No matter how believable a message is, there are still ways to see through these scams. Before following the instructions of any email, check the sender’s address. In this case, the send won’t have an ‘@dropbox.com’ address, so you can assume the message isn’t legitimate. Also, if you follow a link provided that doesn’t take you where it’s supposed to, it’s another sign that you’re being scammed.
If you have any suspicion that an email you receive from a company isn’t legitimate, contact the company directly by phone.
If your computer has been infected by malware, viruses or Trojans, or you’d like to improve your device’s security before an attack happens, contact Geek Rescue by calling 918-369-4335.
November 14th, 2013
Virtualization is becoming a staple of businesses of every size. According to a Cisco survey, 77-percent of small to medium businesses have already virtualized part of their infrastructure. In the next two years, the virtualization budgets will increase for about 70-percent of all businesses. As Sam Narisi, of IT Manager Daily writes, virtualization allows companies to save money while increasing flexibility and scalability, but there are some security concerns. Here are the top three security issues associated with virtualized services and how to overcome them.
Many organizations host multiple virtual machines on a single physical machine. This is the nature of virtualization and why it is so popular. This opens the door for devastating attacks, however, if the virtual machines aren’t properly separated. It’s important to grant employees access to only the VMs they need. This way, if their access is compromised, your entire virtualized infrastructure isn’t.
Any software will contain bugs and vulnerabilities that can be exploited by intelligent hackers. Virtualization software is no different, but allowing a hacker to use these vulnerabilities could prove much more costly than other software exploits. Patches and updates are constantly being made available to fix these flaws. It’s important to stay current and update your software each time a new patch is released so you can close holes in security before an attack takes advantage of them.
More than ever before, it’s important to have a firm grasp on the IT assets in existence and who has access to each in your company. This was a simpler job when each machine was physical. With virtualization, VMs can be created and moved quickly, which sometimes leaves IT out of the loop. If a problem comes up, it’s much easier to solve it when you know where each machine is and who is able to access it.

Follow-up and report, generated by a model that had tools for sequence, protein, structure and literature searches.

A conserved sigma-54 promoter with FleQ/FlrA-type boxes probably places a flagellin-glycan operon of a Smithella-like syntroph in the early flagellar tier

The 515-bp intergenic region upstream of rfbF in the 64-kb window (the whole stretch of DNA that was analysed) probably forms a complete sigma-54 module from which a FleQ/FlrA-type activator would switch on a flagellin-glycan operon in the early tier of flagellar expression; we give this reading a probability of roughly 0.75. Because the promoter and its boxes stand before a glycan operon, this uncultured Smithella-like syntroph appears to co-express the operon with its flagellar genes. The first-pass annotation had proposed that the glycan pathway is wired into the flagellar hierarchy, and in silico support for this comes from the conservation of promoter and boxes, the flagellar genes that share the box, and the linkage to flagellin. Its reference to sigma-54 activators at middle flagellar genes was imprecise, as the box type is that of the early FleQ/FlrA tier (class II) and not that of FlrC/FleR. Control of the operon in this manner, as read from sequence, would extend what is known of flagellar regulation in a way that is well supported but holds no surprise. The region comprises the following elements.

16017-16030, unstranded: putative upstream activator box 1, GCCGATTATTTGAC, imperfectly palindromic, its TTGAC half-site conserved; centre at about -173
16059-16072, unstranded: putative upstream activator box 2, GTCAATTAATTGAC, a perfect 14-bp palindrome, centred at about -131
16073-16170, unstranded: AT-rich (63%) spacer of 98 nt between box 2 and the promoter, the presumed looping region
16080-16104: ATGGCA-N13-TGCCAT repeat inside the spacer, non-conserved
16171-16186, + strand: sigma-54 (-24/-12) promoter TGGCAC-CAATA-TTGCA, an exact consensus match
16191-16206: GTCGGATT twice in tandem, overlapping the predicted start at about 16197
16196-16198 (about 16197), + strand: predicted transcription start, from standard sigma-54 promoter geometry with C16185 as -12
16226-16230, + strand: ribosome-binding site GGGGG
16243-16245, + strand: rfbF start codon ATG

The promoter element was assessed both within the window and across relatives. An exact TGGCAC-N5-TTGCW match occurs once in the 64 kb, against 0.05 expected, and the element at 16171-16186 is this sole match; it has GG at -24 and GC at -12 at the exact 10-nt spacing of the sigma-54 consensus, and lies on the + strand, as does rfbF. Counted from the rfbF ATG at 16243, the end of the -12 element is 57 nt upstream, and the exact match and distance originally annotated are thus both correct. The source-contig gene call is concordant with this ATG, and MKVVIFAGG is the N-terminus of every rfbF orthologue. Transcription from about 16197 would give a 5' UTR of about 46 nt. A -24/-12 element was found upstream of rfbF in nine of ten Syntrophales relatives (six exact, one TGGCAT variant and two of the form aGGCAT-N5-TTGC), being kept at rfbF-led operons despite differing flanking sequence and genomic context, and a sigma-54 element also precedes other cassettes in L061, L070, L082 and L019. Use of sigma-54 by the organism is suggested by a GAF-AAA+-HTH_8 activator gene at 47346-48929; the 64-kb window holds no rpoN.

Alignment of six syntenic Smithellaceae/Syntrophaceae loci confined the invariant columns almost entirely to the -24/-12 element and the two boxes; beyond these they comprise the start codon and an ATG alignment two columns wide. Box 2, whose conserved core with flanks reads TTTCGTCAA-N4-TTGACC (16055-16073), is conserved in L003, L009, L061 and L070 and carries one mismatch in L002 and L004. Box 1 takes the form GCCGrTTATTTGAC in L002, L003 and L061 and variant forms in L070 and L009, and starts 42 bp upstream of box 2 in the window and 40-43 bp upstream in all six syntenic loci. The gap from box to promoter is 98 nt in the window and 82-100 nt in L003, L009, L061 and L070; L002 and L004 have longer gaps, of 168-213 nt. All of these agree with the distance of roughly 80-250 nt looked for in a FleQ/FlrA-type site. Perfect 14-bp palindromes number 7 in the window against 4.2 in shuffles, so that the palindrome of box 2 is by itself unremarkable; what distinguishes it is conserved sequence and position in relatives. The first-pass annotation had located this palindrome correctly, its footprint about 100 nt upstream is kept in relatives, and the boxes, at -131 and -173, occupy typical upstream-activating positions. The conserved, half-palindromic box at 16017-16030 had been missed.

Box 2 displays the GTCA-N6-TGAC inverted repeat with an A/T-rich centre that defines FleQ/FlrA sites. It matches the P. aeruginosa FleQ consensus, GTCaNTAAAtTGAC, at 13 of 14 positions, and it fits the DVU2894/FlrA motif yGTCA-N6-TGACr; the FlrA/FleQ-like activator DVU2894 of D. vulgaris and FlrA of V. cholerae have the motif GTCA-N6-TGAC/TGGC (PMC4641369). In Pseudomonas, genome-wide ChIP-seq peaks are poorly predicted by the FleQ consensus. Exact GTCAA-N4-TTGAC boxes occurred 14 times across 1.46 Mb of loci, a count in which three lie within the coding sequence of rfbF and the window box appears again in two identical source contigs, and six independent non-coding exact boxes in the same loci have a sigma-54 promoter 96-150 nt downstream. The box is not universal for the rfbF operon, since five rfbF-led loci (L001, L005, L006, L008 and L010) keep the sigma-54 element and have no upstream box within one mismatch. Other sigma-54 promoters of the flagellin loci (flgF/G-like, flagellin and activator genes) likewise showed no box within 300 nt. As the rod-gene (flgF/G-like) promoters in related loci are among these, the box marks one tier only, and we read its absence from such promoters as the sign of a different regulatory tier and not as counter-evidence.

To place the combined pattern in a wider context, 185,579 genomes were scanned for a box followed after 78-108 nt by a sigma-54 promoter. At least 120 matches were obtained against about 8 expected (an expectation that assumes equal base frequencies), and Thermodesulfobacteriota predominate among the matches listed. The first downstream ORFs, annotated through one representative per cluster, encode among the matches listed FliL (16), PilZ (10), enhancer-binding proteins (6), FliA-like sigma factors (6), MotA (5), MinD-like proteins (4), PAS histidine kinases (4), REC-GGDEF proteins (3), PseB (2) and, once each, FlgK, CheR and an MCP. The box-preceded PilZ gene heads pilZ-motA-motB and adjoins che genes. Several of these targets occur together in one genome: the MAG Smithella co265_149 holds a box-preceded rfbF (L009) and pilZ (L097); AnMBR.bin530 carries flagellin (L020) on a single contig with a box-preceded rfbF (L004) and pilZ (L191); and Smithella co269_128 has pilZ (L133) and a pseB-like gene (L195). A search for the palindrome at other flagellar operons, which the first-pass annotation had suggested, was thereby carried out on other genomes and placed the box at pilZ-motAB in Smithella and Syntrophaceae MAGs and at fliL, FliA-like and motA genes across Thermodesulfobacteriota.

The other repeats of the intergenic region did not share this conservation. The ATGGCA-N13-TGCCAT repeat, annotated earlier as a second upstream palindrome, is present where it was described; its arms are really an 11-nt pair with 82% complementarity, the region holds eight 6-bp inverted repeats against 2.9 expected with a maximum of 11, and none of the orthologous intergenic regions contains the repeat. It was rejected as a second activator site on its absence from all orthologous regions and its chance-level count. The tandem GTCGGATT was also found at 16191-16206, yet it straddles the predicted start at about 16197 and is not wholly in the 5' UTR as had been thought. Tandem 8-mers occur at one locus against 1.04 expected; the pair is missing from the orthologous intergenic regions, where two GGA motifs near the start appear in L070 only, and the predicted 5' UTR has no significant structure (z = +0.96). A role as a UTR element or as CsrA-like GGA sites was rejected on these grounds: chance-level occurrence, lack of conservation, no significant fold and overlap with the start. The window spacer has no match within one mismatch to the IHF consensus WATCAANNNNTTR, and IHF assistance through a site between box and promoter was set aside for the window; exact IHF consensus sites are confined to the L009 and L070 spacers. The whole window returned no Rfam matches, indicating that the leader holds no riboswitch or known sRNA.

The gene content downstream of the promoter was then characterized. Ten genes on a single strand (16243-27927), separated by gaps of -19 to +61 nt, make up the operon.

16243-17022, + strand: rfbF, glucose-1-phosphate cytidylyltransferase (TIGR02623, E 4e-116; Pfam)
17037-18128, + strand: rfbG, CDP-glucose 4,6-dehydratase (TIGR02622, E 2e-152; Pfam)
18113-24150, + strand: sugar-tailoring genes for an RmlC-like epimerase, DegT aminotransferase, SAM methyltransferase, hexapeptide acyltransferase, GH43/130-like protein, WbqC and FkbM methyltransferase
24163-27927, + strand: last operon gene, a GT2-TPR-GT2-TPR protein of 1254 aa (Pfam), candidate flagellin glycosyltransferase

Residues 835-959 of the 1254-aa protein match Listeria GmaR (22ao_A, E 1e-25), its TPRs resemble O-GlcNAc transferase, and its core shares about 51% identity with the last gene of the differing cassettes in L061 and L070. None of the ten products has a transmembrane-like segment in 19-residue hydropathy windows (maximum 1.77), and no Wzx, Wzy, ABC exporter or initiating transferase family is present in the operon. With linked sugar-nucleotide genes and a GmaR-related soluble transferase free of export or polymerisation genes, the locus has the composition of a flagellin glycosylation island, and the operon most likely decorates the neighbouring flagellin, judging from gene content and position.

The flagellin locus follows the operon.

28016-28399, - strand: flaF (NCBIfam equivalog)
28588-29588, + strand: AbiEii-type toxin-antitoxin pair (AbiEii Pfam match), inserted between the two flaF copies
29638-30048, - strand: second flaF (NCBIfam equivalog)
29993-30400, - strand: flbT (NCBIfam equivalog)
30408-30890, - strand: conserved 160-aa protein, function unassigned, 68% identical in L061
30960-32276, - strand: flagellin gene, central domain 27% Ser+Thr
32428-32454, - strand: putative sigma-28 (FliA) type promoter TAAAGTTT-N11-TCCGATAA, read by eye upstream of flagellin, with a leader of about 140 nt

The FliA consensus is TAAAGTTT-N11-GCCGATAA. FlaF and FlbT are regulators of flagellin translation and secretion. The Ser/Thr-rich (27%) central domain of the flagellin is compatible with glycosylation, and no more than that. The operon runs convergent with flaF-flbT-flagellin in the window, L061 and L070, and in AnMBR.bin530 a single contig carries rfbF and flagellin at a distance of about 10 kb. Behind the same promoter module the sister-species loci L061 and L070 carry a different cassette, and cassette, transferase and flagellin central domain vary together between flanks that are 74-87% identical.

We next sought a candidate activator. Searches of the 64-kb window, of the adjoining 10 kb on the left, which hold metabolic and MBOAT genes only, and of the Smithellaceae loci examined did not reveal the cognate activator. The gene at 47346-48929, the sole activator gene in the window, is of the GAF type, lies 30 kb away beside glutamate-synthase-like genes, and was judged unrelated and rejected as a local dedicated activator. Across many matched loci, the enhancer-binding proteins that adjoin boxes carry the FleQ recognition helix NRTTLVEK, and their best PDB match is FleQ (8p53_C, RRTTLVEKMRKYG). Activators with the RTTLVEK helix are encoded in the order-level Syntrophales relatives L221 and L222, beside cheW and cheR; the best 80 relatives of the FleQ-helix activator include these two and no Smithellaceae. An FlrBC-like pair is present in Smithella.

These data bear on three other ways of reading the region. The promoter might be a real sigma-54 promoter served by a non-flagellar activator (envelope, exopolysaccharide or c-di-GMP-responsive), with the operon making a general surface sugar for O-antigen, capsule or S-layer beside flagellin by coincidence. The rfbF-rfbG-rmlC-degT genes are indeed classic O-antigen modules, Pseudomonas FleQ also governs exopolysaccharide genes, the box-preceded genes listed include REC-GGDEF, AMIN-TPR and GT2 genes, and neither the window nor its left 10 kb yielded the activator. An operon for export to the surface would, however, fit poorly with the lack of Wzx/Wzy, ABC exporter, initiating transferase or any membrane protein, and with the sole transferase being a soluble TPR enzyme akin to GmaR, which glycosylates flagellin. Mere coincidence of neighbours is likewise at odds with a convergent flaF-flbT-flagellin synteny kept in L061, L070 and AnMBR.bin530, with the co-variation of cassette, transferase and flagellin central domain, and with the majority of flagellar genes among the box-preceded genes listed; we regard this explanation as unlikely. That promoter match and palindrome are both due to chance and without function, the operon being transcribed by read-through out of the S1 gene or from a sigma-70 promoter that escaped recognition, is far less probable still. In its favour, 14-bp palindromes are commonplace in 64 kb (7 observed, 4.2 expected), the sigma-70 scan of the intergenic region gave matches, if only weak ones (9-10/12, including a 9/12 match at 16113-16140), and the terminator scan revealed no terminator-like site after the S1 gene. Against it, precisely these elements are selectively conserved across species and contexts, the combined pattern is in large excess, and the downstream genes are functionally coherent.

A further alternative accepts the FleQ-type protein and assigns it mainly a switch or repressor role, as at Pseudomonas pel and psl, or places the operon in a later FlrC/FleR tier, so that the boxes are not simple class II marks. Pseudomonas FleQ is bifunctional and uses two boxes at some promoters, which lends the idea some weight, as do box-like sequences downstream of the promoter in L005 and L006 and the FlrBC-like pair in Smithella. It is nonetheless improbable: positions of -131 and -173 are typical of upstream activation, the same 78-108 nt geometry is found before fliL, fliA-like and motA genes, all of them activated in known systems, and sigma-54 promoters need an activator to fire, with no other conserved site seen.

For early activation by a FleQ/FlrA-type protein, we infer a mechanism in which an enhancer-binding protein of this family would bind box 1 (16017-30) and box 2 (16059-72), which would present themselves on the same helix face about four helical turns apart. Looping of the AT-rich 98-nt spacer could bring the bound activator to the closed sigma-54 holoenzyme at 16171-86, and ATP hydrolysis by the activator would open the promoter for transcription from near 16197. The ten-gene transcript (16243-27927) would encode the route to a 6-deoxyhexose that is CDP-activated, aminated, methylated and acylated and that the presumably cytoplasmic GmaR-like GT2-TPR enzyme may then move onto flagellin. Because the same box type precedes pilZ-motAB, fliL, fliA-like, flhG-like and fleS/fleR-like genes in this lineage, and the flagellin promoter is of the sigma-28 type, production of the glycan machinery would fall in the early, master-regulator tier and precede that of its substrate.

Virtualization offers a number of benefits for businesses, but it also comes with increased responsibility and security concerns. Geek Rescue helps take the uncertainty and labor out of virtualization. Call us at 918-369-4335 to find out what services will give your business a competitive advantage.
November 11th, 2013
A zero-day exploit that affects Internet Explorer, Windows XP and Windows 7 users won’t be getting a patch from Microsoft any time soon. Microsoft’s Patch Tuesday for November is only a day away and, as Paul Ducklin of Naked Security reports, news is already spreading that a patch for this exploit won’t be included.
The “remote code execution vulnerability” is dubbed a zero-day because hackers were the first to discover it. Rather than security experts, or Microsoft themselves, discovering the vulnerability and patching it, cyber criminals have been able to launch attacks in the wild before any precautions could be taken.
The attacks seen so far that exploit the vulnerability use .TIFF image files that contain malware. When a user opens the seemingly innocent image file, malware infects the machine, but no warning or notice is given. This silent infection allows hackers to remain undetected while they claim access to files and control a computer remotely.
So far, most of the attacks stem from email attachments. The .TIFF is hidden in a Word document and automatically loaded when the document is opened. There are a number of other ways the exploit could be attacked, however. Inserting the infected image file directly into the body of an email could infect your system through only a preview of the message. Hackers could also set-up websites specifically to infect visitors, or insert malware into existing sites using .TIFF images.
While there’s no patch coming from Microsoft this week, there are ways to protect yourself. A Fix it tool released by Microsoft will tell your computer to stop processing .TIFF files. This is a broad stroke, but one that will ensure the vulnerability will be closed until a more permanent patch is made available.
In the meantime, some simple advice will also help improve your security. You should always be wary of unsolicited emails and their attachments. Often, all it takes is opening the email to try to verify its authenticity is all it takes to become a victim. Also, make sure you have an antivirus program in place and it’s updated. Because of the way this exploit gives a hacker access to all of the files you’re current user account is able to access, it’s useful to use a non-administrator account. That way, if you are attacked, only part of your system is at risk, and solving the problem from an administrator account is much easier.
If any of your devices are infected with malware, bring them to Geek Rescue or call us at 918-369-4335. We’ll find the problem, fix it and help you protect yourself from future attacks.